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This is the first in what could be a series of posts on how to modify the internals of ASP.NET MVC in order to make it work in a more RESTful manner. If you want to work with a RESTful web framework built on .NET today then I recommend using OpenRasta.

The reason I’m doing this is two-fold:

  1. I want to learn more about REST beyond the theory and I learn more by doing.
  2. Sometimes it’s impossible to convince people to use an open source framework like OpenRasta, but customising stuff produced by Microsoft is much better received. I hope this will help other people write more RESTful sites whilst using Microsoft-based frameworks.

All the code I will be referring to is available on the restful-aspmvc project page. At the time of writing this the code was on revision 3, so if you are reading this later on there my be some inconsistencies.

The inspiration

I wanted to be able to use RESTful URLs like those available in Ruby on Rails. These work by selecting the controller action through the use of the URL and the HTTP verb.

GET /users/               UsersController.Index()
POST /users/              UsersController.Create()
GET /users/{id}           UsersController.Show(id)
PUT /users/{id}           UsersController.Update(id)
DELETE /users/{id}        UsersController.Destroy(id)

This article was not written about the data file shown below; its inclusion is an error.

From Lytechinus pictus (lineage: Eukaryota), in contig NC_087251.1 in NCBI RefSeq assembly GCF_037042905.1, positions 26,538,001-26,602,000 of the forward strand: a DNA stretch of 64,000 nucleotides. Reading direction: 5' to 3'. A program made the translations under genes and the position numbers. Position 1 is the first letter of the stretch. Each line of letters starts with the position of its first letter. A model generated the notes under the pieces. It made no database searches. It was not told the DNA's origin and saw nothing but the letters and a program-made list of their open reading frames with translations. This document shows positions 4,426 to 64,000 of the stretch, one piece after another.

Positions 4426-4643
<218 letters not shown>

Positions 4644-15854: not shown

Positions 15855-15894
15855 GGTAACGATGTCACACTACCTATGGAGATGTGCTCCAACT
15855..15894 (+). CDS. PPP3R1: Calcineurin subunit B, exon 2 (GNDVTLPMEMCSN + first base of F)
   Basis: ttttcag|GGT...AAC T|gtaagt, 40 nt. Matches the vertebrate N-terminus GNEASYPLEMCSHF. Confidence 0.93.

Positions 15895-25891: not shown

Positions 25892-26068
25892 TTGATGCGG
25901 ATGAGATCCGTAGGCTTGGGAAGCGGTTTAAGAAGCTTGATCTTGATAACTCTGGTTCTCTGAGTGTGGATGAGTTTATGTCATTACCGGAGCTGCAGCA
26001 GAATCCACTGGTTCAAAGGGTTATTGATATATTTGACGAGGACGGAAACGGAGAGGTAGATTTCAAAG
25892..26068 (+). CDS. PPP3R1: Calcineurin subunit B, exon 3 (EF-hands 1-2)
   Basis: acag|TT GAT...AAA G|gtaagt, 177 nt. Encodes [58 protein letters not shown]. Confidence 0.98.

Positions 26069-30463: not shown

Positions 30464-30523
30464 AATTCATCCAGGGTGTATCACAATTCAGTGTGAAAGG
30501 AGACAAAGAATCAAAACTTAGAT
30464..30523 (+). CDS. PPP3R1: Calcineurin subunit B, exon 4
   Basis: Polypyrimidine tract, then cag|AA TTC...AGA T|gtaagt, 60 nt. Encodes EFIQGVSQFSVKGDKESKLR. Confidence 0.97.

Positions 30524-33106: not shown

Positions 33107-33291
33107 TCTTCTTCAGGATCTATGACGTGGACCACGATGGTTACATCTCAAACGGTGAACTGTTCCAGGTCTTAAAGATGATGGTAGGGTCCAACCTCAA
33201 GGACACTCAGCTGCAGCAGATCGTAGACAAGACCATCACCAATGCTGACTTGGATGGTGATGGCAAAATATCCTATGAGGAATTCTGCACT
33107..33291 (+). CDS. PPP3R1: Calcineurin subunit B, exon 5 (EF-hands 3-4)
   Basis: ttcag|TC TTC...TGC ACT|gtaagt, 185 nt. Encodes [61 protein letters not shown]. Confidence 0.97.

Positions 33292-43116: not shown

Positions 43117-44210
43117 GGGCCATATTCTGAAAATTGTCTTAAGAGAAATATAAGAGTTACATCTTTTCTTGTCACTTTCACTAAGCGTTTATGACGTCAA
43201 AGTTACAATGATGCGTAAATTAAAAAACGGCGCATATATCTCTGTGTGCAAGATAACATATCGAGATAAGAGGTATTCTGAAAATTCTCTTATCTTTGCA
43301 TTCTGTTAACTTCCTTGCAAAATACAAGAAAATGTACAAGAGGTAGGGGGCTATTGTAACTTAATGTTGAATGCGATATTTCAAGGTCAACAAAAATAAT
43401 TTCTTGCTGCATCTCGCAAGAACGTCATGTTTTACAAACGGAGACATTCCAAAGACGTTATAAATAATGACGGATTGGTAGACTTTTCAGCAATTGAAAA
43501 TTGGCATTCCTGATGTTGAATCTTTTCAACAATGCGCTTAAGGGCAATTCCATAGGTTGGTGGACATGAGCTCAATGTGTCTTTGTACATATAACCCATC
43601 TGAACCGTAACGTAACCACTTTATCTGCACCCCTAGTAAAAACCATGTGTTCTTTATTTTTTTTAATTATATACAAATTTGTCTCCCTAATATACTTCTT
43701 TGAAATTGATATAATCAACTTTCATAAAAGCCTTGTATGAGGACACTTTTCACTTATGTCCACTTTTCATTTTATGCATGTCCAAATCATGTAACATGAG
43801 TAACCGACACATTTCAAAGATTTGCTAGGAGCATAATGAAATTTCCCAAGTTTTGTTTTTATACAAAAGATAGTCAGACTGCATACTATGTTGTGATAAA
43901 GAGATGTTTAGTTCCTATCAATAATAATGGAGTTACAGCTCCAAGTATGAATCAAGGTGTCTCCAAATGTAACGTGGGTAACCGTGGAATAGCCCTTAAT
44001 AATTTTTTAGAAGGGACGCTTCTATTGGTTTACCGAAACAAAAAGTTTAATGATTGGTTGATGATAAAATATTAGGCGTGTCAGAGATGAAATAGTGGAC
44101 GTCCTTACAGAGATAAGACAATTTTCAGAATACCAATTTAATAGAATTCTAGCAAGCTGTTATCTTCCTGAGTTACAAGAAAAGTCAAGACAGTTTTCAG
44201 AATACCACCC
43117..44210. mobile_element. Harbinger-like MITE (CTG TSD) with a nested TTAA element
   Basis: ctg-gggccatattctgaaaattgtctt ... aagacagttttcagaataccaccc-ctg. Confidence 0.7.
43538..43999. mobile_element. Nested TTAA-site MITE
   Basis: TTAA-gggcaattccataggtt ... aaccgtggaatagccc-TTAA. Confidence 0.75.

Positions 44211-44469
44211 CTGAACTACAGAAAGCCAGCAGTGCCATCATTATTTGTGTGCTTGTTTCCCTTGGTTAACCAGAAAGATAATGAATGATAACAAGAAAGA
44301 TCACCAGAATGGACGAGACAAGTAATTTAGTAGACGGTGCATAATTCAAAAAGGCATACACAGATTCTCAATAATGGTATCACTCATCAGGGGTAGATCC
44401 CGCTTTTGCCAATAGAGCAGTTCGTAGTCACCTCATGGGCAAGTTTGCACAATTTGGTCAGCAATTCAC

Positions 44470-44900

I then wanted to allow you to create different views of the resources by specifying other actions that can only use the GET verb like so:

GET /users/{action}       UsersController.{Action}()
GET /users/{id}/{action}  UsersController.{Action}(id)

The implementation

The above routes are achieved through these route mappings: listing on Google code

The next problem was to map to the different actions according to the URL and the HTTP verb. As web browsers only support GET and POST this requires a technique known as overloading POST. I tried doing this in a couple of ways, firstly by including the required HTTP verb in the URL:


However, I found this quite ugly. As we are overloading POST, there will always be a form involved, therefore I’ve specified the required verb (where necessary) with a hidden form field:

<form method="post" action="/Users/2">
<input value="DELETE" type="hidden" name="_verb" />
<input value="Delete" type="submit" />

Now the verb is specified in the form, we have our URLs working we now need to act on this information. For that I have used a customer controller factory (Google code listing).

There’s a fair bit of code to include directly into a blog post so I’ll explain the general flow to you and if you’re interested in the implementation you can have a look at the listing.

  1. When the controller is created we use the default implementation to retrieve the controller and give it a custom action invoker to use.
  2. When the action is invoked we first check if the verb being used is a POST, if it is we check the form for an override. If one exists we change what we think the HTTP verb is to the one passed.
  3. If no specific action has been used (the default action is Index because of the routes we specified) then we use the HTTP verb and whether an id was specified to determine the actual action required.
  4. We use the default implementation to invoke the action required.

The full code listing includes a basic site which shows all the overrides being used along with a couple of common custom views (new and edit are commonly used to display forms to create and update resources).

This is the first step towards making ASP.NET MVC more RESTful. I welcome your comments and feedback, especially if there is something in particular you’d like me to implement in the future.